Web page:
Free School Meals and The Shifting Of Responsibility.

Credit: The Free School Plan

By Oliver James Pike

I never thought of myself as an evil person. However, I have recently discovered (having been told by various outraged parties) that I apparently want children to starve. Of course, who would want such a thing? The accusation made against any person concerned about ill-judged policies, such as the labour proposed free school meals during the holidays, is that we are heatless beasts, irredeemable sociopaths and Dickensian caricatures, denying weeping orphans their gruel.

The truth is that we see the whole idea as a pointless and expensive exercise in posturing and virtue signaling. Food (as anyone who has entered a supermarket will know) is incredibly cheap. Bags of vegetables sell for 50p, eggs and milk are about the cheapest thing you can buy and the building blocks of a sandwich come to a total of around £1.70. The vast majority of kids are not in a position where their cupboards are barren and their fridges empty. Instead, most families provide for their children for a small sum (as is their moral duty). Furthermore, the government already pays out child benefit payments which do not have to be paid back by a household earning under £50,000 and now universal credit payments. Why is this money not enough to cover the children's food? Of course, some slip through the net. However, we already have social services and food banks to ensure everyone's basic needs are met. The provision of free meals may look nice and friendly but in reality, it does little to address the problem and the money would be better places teaching people how to budget and directing funding to social services to actually help children who by definition are being abused and neglected or are so stricken by poverty or hardship that they require assistance.

These policies also breed further reliance on the state. We have already seen in Scotland the government go from providing healthcare and free university tuition to baby boxes, free tampons, free prescriptions and complementary I pads in schools. The logic behind all these free services from the state is that they are a basic need or "human right" (as many advocates of the policies call them) and therefore have to be provided for free lest the government infringe these fundamental rights. Of course, nowhere in the ECHR or the UNCHR is a state required to provide free school meals or free tuition. Instead, the state is tasked with ensuring systems are in place to ensure everyone has a basic standard of life. How it goes about this is up to that government and in this case, a blanket free meal policy would be the wrong approach for the reasons mentioned above.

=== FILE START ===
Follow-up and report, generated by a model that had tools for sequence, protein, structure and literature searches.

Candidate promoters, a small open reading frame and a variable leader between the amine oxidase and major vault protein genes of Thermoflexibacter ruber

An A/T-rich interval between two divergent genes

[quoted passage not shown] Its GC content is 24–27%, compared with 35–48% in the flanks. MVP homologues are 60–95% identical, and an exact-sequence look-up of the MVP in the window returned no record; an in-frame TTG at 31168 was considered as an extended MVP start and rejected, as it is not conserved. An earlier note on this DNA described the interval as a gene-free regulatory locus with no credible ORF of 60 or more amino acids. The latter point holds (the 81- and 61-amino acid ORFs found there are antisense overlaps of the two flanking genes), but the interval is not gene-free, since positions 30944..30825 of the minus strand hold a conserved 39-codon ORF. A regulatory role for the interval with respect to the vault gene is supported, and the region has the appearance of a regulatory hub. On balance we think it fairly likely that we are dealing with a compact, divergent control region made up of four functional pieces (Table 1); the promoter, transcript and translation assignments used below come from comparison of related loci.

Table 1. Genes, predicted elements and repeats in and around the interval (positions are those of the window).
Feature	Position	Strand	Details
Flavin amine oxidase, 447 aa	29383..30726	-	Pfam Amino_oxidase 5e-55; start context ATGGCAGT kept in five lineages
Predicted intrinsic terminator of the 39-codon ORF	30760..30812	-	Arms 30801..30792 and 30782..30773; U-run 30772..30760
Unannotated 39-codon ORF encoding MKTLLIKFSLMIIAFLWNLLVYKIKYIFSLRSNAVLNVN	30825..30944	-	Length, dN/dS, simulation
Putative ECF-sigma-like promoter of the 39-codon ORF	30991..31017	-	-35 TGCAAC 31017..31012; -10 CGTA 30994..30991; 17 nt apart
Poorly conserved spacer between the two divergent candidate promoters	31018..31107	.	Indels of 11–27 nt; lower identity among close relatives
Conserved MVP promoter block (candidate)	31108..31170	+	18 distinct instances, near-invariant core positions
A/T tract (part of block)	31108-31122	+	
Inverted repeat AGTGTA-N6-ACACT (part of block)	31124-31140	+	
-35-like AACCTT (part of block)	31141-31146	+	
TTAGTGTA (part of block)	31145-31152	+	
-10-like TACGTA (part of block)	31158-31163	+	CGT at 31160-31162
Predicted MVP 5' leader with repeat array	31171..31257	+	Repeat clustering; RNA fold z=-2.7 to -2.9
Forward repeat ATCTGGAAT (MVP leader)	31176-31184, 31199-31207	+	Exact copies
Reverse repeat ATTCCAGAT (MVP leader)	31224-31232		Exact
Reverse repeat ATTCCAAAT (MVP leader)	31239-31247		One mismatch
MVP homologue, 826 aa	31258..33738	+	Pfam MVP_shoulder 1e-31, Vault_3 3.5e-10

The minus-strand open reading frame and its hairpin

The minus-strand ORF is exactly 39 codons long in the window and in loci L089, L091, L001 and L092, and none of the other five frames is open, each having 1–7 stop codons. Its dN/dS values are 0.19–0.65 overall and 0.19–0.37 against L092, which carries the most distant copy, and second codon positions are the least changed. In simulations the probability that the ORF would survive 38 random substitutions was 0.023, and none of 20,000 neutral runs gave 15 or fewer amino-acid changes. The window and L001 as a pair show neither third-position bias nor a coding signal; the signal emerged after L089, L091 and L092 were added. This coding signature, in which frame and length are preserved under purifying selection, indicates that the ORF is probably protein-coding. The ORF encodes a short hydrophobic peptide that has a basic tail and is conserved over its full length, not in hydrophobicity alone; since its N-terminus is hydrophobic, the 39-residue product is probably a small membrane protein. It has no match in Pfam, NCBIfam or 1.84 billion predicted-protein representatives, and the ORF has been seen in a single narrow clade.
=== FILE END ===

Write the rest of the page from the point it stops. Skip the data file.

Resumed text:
If everything required for a basic standard of life (defined by dignity, opportunity and justice) was provided for by the state then the treasury would have no money left. Citizens however would have free toothpaste, toilet roll, soap, nail clippers, clothes, shoes, homes, and likely taxpayer-funded pornography based on the loose definition of human rights tossed around whenever an unpopular policy is implemented. The logic is the exact same. These products are required for basic health and hygiene and cost households a sizeable amount (more than food). The end result will be a move towards total dependence on the state. We will slowly get used to more and more handouts and eventually, our complaints will become pettier and pettier until we are picketing parliament for free Tinder Gold. This is the future that awaits a country willing to buy into this destructive habit of raising taxes and burning it on frivolities. Instead of continuing our march into the arms of the big state, we should just bite the bullet, take the hit and spend that £2.50 on lunch.